Hike Report for Snow Mountain

Snow Mountain is located in Maine, United States. It has an elevation of 1209 meters above sea level. It is located at the following coordinates: (45.2914, -70.7093).
This hike report was written by Mr T, about a hike on Saturday, August 26, 2006.
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Directions to Trailhead

If you drive up route 27 from Kingfield to Stratton and Eustis, and then find the Cathedral Pines Campground in Eustis, you need to go another 10 miles to find the road. I measured this distance in two different vehicles - in one, it was exactly 10 miles, while in another it was 9.8 miles. You turn left onto the "North Road", and you will see a sign there indicating that you are on Penobscot Indian Land. Follow this road, until you come to a "Y" 3.9 miles in. Take the right hand branch of the "Y", and go another 1.1 miles until the road ends in a grassy parking area. You will see a sign for the trail head at the end of the parking area.

Hike Report

We hiked this in late August, 2006. There were 11 of us in all. We left Kingfield about 7:20, and we hit the trail head at 8:30 am. We spent some time at Snow Mountain Pond - it's beautiful there, and worth some time. Be aware that parts of the trail up to this point, and for maybe 1/2 mile further, were rather wet and muddy. This makes me believe that doing this hike in the spring would be harder with spring rains.

Once you leave the pond, you continue on the ATV trail for perhaps 1/4 mile (I didn't measure it, so this is just a guess). The ATV trail continues straight, but you need to turn off onto the trail to the right to head up the mountain. If you are not paying attention, it is easy to miss it.

I was hoping that the fire tower at the peak was intact. I had pictures from another website from a couple years earlier showing the intact fire tower. Unfortunately, the cabin of the tower is now in a heap behind the tower. There is a very limited view from the peak, unless you climb the tower. Once you get 1/2 way up the tower, you can see a full 360 degrees. It's interesting to note that this is very close to Canada, and we could see some peaks in Canada looking to the West.

We had beautiful weather for the hike, enjoying lunch on the top, before we came down. A handful of places were treacherous, due to water on the rocks, so be especially careful. A couple people slipped, but no major injuries occurred.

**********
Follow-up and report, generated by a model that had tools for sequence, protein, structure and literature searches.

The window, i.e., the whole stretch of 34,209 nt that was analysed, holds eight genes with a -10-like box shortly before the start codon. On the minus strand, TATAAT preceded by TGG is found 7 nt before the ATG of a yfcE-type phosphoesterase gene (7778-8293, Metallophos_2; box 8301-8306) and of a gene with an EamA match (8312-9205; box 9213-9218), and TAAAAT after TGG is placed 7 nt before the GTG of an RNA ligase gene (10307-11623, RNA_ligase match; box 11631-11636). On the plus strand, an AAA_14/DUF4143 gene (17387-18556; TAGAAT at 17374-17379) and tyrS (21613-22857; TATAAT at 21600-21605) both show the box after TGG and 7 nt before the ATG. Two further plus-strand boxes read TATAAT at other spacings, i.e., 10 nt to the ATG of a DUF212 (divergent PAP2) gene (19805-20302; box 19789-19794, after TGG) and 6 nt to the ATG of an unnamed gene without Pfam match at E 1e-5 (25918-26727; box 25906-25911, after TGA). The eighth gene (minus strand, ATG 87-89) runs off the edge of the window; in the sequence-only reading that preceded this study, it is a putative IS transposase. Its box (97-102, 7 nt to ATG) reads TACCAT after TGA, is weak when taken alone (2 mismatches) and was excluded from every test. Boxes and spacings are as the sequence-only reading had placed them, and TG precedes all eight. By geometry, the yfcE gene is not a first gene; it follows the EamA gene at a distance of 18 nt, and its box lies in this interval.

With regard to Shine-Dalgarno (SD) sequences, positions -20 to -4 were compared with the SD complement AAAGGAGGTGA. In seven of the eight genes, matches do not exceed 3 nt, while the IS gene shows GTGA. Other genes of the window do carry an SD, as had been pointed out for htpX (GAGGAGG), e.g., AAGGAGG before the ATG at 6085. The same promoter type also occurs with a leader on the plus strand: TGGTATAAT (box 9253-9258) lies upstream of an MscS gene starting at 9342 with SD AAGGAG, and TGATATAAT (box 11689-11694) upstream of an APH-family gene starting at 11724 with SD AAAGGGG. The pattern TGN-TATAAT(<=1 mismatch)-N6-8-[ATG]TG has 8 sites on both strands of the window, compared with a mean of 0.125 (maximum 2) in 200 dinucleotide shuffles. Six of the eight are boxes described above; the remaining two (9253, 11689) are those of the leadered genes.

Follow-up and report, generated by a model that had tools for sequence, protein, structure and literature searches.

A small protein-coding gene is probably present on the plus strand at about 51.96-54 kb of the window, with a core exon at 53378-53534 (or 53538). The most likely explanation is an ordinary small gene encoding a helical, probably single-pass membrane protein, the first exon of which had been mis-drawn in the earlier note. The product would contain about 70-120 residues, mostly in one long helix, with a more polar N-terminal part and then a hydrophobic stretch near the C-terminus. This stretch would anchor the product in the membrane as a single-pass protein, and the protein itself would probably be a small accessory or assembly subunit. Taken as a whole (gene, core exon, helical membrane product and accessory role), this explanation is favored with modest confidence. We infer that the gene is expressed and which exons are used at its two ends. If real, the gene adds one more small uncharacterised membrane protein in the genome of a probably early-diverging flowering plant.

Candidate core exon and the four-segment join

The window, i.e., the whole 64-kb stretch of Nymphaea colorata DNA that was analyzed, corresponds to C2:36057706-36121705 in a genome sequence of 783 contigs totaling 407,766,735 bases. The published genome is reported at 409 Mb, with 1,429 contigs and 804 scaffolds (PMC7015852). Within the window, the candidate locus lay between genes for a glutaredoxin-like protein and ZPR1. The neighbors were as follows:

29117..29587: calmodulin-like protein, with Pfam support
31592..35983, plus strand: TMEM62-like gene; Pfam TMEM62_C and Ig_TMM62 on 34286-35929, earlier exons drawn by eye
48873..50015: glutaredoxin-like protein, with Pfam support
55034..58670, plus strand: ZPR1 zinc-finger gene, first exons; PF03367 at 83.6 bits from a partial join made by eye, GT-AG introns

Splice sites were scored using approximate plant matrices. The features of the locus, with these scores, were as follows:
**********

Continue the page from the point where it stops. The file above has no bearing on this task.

We saw significant evidence of moose in the area, both from droppings and from prints in the mud. In fact, a couple of times we saw prints on the way down that we did not believe were there on the way up. We did not actually come face-to-face with one, however.

On the way down, some of us took about 4 hours, with regular stops. Another portion of our group ran down the mountain (literally - I would NOT recommend this!), and were down in an hour and a half. Of course, they then had to wait 2 and a half hours for the rest of us! My best guess would be that steady hikers could do this trip, including brief stops at the pond and the peak, in about 5 hours.


Overall, this was not a bad hike. We had a boy as young as 9 do the hike without too much problem, although he is used to signficant amounts of hiking and climbing. There is one place in particular where one must climb up over a rock face for about 10 feet, and a few places where it is fairly steep, but only for short distances. We had a young lady with us with asthma, and she was able to make the climb, although we had frequent stops for her.


According to my GPS, the elevation at the parking lot was 1864 feet, and the peak is at an elevation of 3988 feet. Thus, there was approximately a 2000 foot elevation gain. The GPS recorded a total distance travelled of 6.61 miles, and a moving time of 3 hours and 30 minutes. We also registered stops totalling over 5 hours, but most people who are used to hiking will not need to have that length of stops.
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